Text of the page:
In May 2013, when online local listings agency Just Dial had an Initial Public Offering (IPO), it was forced by the Securities and Exchange Board of India (Sebi) to offer a discount and ‘safety net’ to retail investors.
The stock markets regulator felt the valuations sought by Just Dial, one of the very few new-age information technology companies to tap the stock domestic market, were on the higher side for a company which hadn’t turned profitable.
Just Dial’s Rs 900-crore IPO was subscribed 10 times what was on offer and its stock saw significant gain on listing. The safety net option, where the issuer has to compensate investors if the stock falls below the IPO price, was never triggered. Come October 2015 and Coffee Day Enterprises, the company that operates the Café Coffee Day chain of restaurants, and InterGlobe Aviation, the company that owns IndiGo, the country’s most profitable airline, didn’t face any such pressure from the regulator in pricing their offers. Neither issue had a sop for small investors such as a discount to the issue price.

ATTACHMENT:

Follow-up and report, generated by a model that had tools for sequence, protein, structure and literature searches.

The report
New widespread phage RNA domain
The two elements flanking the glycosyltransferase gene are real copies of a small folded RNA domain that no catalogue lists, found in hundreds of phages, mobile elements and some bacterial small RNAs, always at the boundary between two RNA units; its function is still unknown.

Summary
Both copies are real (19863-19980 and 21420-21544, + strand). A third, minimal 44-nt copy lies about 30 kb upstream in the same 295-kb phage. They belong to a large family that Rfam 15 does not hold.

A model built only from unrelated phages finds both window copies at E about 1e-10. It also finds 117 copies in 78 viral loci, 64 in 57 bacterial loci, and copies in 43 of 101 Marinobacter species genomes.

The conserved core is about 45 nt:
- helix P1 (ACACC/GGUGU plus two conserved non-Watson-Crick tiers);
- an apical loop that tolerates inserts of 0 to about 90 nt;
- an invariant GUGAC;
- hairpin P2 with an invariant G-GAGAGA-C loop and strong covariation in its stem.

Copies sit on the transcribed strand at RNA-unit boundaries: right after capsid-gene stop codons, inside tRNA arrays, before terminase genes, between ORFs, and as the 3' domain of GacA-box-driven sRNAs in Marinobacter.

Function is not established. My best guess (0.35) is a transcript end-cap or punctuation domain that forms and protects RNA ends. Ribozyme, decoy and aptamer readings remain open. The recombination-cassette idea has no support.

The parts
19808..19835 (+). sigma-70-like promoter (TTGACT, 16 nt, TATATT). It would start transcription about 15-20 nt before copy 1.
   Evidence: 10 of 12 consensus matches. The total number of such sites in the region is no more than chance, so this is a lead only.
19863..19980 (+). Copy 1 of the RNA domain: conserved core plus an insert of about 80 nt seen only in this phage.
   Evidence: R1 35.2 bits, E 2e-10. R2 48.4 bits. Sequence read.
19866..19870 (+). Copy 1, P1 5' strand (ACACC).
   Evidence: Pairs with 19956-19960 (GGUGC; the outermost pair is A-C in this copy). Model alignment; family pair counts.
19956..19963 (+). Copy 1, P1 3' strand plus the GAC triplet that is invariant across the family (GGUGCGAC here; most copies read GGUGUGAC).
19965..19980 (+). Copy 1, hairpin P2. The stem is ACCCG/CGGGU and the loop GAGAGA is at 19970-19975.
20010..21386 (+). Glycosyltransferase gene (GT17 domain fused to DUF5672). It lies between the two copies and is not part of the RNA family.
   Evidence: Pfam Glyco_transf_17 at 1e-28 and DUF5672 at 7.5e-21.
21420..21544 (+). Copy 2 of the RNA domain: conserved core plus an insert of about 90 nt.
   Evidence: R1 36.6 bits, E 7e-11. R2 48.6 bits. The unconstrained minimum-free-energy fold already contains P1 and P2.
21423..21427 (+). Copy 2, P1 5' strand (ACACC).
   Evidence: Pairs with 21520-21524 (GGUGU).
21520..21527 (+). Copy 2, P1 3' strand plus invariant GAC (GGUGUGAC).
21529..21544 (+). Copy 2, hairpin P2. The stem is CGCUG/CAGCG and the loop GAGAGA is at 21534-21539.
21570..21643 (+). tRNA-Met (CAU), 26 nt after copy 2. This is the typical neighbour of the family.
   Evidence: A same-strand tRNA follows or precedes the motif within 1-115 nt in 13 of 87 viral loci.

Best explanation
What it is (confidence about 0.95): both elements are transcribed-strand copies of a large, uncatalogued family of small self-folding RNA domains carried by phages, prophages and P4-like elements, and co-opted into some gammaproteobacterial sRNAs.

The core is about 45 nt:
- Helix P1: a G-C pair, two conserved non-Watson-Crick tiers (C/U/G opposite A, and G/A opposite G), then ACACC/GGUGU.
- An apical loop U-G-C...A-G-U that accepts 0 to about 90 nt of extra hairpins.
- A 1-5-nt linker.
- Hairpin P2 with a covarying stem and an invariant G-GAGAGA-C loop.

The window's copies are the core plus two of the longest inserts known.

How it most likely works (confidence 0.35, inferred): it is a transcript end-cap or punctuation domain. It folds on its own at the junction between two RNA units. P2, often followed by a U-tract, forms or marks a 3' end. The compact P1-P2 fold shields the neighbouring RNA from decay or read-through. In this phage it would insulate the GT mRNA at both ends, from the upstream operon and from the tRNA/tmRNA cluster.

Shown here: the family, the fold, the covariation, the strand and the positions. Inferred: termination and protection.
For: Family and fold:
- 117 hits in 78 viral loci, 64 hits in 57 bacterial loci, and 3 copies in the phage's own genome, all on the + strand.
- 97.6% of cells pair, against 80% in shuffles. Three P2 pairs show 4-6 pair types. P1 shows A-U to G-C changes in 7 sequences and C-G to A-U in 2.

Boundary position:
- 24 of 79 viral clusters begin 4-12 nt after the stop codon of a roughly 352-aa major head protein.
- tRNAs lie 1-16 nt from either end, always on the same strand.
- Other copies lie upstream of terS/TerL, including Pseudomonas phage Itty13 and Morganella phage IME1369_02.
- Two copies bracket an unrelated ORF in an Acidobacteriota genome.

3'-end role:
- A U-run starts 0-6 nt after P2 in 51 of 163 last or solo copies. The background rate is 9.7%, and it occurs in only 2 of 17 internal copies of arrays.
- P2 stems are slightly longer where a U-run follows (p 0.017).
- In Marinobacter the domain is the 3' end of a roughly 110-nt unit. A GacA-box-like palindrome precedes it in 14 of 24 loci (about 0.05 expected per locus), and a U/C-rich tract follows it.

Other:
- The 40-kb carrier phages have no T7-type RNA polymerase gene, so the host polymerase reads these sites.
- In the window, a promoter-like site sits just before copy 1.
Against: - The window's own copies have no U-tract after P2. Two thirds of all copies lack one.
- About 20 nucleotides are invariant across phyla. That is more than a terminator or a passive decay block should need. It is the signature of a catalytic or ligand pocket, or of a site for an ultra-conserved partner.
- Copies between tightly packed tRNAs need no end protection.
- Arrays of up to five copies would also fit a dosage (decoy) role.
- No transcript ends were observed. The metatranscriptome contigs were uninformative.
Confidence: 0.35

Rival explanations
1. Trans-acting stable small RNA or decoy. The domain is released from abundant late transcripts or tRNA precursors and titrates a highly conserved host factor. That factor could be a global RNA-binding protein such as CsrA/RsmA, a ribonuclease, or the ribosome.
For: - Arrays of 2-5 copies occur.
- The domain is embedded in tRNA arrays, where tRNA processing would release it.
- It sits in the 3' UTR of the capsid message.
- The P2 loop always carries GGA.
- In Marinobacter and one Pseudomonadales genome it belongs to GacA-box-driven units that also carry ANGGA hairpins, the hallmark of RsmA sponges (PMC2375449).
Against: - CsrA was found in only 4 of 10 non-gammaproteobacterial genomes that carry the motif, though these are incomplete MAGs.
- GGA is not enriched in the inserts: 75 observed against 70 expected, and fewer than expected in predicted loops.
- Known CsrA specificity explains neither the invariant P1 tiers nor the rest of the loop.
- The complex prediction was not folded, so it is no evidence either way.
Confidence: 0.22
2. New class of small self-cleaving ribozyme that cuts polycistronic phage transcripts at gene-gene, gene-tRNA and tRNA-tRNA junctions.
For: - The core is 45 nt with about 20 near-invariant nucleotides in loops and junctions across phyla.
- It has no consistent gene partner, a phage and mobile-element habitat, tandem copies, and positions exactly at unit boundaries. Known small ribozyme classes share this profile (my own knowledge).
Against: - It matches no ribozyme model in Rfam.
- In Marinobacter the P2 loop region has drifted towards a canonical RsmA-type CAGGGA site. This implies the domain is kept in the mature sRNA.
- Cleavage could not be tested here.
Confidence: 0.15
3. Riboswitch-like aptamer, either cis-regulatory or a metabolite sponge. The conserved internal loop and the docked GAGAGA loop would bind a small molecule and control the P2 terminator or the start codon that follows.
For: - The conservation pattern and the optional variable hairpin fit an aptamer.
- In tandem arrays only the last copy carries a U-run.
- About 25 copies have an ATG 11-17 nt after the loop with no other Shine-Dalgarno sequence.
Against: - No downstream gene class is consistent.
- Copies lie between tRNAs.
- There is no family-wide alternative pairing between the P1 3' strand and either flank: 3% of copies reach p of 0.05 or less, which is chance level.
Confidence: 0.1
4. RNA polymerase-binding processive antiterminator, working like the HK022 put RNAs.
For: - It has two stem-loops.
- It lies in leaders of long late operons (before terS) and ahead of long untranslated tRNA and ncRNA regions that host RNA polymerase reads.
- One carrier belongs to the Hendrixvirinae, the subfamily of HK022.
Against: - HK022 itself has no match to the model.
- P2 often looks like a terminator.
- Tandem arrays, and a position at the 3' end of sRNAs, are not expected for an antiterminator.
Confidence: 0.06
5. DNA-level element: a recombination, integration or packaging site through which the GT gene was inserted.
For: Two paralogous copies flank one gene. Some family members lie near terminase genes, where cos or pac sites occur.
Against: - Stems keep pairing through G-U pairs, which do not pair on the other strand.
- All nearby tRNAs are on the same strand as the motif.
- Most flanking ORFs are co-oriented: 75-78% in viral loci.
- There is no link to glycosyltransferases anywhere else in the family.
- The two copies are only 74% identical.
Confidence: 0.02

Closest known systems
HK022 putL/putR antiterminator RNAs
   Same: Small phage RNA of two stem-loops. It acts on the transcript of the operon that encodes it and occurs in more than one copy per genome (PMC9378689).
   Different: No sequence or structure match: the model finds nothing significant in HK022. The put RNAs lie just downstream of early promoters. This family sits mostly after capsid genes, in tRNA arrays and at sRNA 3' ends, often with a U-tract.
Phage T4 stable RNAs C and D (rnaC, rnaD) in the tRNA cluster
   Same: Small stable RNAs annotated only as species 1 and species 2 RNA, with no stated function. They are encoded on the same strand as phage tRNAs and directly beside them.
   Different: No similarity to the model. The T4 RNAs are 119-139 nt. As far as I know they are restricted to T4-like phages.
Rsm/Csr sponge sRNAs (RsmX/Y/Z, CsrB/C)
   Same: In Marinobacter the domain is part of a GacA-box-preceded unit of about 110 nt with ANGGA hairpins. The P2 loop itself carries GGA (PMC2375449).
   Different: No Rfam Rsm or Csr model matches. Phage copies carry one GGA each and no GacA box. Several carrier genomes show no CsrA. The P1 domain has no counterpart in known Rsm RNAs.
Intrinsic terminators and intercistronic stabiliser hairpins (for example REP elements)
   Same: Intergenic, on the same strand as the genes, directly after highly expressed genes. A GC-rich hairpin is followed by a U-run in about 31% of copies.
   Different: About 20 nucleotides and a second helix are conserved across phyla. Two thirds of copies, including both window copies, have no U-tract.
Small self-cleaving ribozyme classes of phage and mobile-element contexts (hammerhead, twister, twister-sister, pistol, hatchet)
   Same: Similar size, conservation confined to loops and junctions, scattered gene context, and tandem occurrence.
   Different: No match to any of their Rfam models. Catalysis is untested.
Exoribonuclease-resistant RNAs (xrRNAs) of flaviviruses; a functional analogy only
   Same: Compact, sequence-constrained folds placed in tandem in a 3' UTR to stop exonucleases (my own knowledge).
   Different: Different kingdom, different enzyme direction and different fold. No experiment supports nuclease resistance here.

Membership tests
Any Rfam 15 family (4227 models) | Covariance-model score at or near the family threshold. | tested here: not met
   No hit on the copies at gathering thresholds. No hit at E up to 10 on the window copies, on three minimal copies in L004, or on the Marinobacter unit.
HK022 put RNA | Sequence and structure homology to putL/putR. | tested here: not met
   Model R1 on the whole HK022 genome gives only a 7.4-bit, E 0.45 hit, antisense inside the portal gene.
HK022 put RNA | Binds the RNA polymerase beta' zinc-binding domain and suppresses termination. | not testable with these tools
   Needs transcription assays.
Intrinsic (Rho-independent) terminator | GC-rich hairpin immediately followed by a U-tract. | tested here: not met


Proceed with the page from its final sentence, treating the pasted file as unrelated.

Investment bankers and primary market experts said Sebi had changed its approach to IPOs. “Earlier, Sebi tried to exercise some pricing control. The regulator has now reached a conclusion that there is no need to interfere in IPO pricing,” said Prithvi Haldea, chairman, Prime Database, a primary market tracker.
Market players said between 2011 and 2012, most IPOs that came to the market saw significant erosion in their value after listing, forcing the regulator to intervene. The post-listing performance for IPOs since 2014 has been decent, due to a revival in the secondary market. This has made the regulator step back, said experts.
“Gone are the days when you had to hand-hold the retail investor. The regulator and the market has come to terms with the fact that equity is a risk instrument and investors cannot be compensated in an event of loss,” said an investment banker, who managed the InterGlobe IPO, asking not to be named.
Experts believe both the Coffee Day Enterprises and InterGlobe IPOs were priced aggressively as bankers had investment commitments from institutional investors. The retail portion in both saw barely full subscription, as investors saw little gains on listing.
“Fair pricing of IPOs is critical, so that investors are incentivised to invest in IPOs. However, IPOs cannot be always so priced that investors make a quick buck and exit on the listing day,” said the banker quoted earlier.